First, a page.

China and Russia share a borderline of over 7,300 km, one of the longest in the world. Between the late 18th century and the early 20th century, Russia used military threats to force the Chinese Government to sign a total of 19 border treaties, taking more than 1.5 million square km of Chinese territory. Under the pretext of implementing these treaties, Russia encroached on another 350,000 square km of Chinese territory.
The negotiations over the Sino-Russian boundary started in the 1960s, lasting over four decades. In the process, China has adhered to the principle of a fair and complete solution.
The first round of border negotiations kicked off in February 1964 in Beijing. Although China believed the old border treaties were one-sided and unfair, China showed its willingness to base the negotiations on these treaties. During the negotiations, the two sides traded maps and clarified border demarcations. They reached consensus on dividing islets in border rivers: that rivers open to navigation should be divided from the median line of the trunk line and other rivers from the middle of the watercourse.
The second round of border negotiations lasted from October 1969 to June 1978. The two countries achieved the following understandings. First was to maintain the status quo. Second was to avoid military clashes. Third was armies of both countries should disengage from each other in controversial areas. Fourth, when a dispute arises, frontier defense regiments should deal with it peacefully. Despite the best intentions, this round of negotiations failed to decide on the general direction of the boundary.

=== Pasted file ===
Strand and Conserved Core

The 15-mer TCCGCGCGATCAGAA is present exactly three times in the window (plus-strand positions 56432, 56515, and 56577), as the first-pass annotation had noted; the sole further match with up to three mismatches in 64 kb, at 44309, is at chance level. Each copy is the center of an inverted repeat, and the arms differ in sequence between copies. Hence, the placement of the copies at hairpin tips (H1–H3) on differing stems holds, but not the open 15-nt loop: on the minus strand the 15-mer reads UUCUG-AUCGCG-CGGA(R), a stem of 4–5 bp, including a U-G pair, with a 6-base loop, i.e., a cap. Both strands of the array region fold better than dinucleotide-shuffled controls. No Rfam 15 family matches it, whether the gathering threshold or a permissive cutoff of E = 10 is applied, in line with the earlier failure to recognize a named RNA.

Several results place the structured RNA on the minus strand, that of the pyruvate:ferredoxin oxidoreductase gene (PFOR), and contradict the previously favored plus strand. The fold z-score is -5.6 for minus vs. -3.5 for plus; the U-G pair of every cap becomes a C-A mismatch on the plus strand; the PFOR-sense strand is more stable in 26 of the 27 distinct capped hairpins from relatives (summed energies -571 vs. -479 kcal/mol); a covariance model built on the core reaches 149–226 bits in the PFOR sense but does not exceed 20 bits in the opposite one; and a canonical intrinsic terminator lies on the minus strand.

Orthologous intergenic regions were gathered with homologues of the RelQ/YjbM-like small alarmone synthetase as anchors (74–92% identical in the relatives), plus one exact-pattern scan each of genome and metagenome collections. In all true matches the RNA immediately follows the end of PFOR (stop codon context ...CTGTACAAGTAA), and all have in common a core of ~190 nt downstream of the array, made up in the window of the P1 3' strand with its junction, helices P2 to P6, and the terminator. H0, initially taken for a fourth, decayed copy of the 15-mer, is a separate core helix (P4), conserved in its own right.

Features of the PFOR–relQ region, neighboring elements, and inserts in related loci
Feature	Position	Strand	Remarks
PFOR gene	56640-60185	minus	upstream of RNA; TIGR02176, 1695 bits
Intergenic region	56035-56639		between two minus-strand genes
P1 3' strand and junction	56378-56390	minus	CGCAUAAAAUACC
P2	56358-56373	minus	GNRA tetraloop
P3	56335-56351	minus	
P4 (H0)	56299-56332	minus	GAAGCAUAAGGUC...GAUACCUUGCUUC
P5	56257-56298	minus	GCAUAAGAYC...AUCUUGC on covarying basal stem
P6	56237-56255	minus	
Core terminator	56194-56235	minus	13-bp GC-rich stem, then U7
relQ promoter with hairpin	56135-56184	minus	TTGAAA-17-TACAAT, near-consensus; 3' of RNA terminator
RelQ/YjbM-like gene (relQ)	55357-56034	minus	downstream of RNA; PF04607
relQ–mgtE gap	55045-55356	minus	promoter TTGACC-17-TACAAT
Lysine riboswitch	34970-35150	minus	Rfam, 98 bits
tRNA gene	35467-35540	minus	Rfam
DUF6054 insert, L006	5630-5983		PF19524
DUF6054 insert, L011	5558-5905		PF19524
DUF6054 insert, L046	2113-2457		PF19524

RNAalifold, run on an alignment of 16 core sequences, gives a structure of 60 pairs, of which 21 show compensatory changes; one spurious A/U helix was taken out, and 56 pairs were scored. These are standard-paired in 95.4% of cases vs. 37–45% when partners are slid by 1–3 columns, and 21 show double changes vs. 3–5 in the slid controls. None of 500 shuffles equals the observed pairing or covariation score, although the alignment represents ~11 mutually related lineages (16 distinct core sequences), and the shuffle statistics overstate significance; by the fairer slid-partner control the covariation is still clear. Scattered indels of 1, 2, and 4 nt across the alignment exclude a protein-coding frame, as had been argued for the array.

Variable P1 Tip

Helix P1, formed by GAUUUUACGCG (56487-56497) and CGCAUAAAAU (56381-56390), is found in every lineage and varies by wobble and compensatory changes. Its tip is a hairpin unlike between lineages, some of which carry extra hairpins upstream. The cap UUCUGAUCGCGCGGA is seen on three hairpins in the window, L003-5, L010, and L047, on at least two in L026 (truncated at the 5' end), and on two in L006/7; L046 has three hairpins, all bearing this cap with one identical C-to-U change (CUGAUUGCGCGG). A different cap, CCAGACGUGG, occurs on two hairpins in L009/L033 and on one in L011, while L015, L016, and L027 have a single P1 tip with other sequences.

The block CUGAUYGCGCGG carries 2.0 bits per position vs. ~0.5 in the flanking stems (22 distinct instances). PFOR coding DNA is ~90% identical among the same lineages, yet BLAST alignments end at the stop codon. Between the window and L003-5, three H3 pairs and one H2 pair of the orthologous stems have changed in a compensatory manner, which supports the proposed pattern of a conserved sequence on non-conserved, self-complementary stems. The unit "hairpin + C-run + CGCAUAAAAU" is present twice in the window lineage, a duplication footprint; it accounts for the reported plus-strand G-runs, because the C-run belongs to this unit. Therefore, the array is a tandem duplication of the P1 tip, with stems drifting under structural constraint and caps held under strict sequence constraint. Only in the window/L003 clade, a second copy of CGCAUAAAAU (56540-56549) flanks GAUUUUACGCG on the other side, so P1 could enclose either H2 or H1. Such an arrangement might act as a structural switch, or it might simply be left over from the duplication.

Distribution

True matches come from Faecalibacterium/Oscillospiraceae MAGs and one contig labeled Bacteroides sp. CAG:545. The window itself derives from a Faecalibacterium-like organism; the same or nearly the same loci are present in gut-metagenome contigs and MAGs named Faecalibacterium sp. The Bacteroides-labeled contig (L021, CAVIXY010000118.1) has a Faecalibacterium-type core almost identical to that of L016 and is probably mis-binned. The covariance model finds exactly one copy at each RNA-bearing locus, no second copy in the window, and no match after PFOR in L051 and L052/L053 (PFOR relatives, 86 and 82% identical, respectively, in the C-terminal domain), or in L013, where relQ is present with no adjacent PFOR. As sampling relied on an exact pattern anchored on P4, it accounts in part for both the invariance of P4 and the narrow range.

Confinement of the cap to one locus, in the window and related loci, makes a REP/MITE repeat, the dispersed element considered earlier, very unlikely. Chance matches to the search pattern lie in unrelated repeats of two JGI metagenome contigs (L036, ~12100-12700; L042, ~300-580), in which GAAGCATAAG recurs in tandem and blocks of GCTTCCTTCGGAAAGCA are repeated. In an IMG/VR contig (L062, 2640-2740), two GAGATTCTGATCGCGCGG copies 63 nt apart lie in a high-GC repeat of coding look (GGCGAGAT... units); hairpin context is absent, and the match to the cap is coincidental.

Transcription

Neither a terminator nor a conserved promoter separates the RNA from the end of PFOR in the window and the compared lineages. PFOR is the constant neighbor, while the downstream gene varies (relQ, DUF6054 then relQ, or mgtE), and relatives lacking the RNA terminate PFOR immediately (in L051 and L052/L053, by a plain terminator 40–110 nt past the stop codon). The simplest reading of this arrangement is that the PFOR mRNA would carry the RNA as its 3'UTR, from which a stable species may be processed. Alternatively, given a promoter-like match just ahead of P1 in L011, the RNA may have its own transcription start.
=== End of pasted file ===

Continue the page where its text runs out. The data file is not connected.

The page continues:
The third round was initiated in February 1987. In May 1991, foreign ministers from China and the Soviet Union signed an agreement, which confirms 98 percent of the border direction in the eastern section of the Sino-Russian boundary. The only exceptions were Heixiazi Island and the Abagaitu Islet. In September 1994, the two foreign ministers signed an agreement deciding the western section of the boundary. During Russian President Vladimir Putin’s visit to China in 2004, both countries agreed to divide Heixiazi Island and the Abagaitu Islet equally, which marked the eventual solution of all border issues between the two countries.
After the disintegration of the Soviet Union, five union states from Central Asia gained independence. Kazakhstan, Kyrgyzstan and Tajikistan inherited most of the 3,300 km boundary with China in the west. Based on equality and mutual understanding, China has solved the border demarcation with these countries.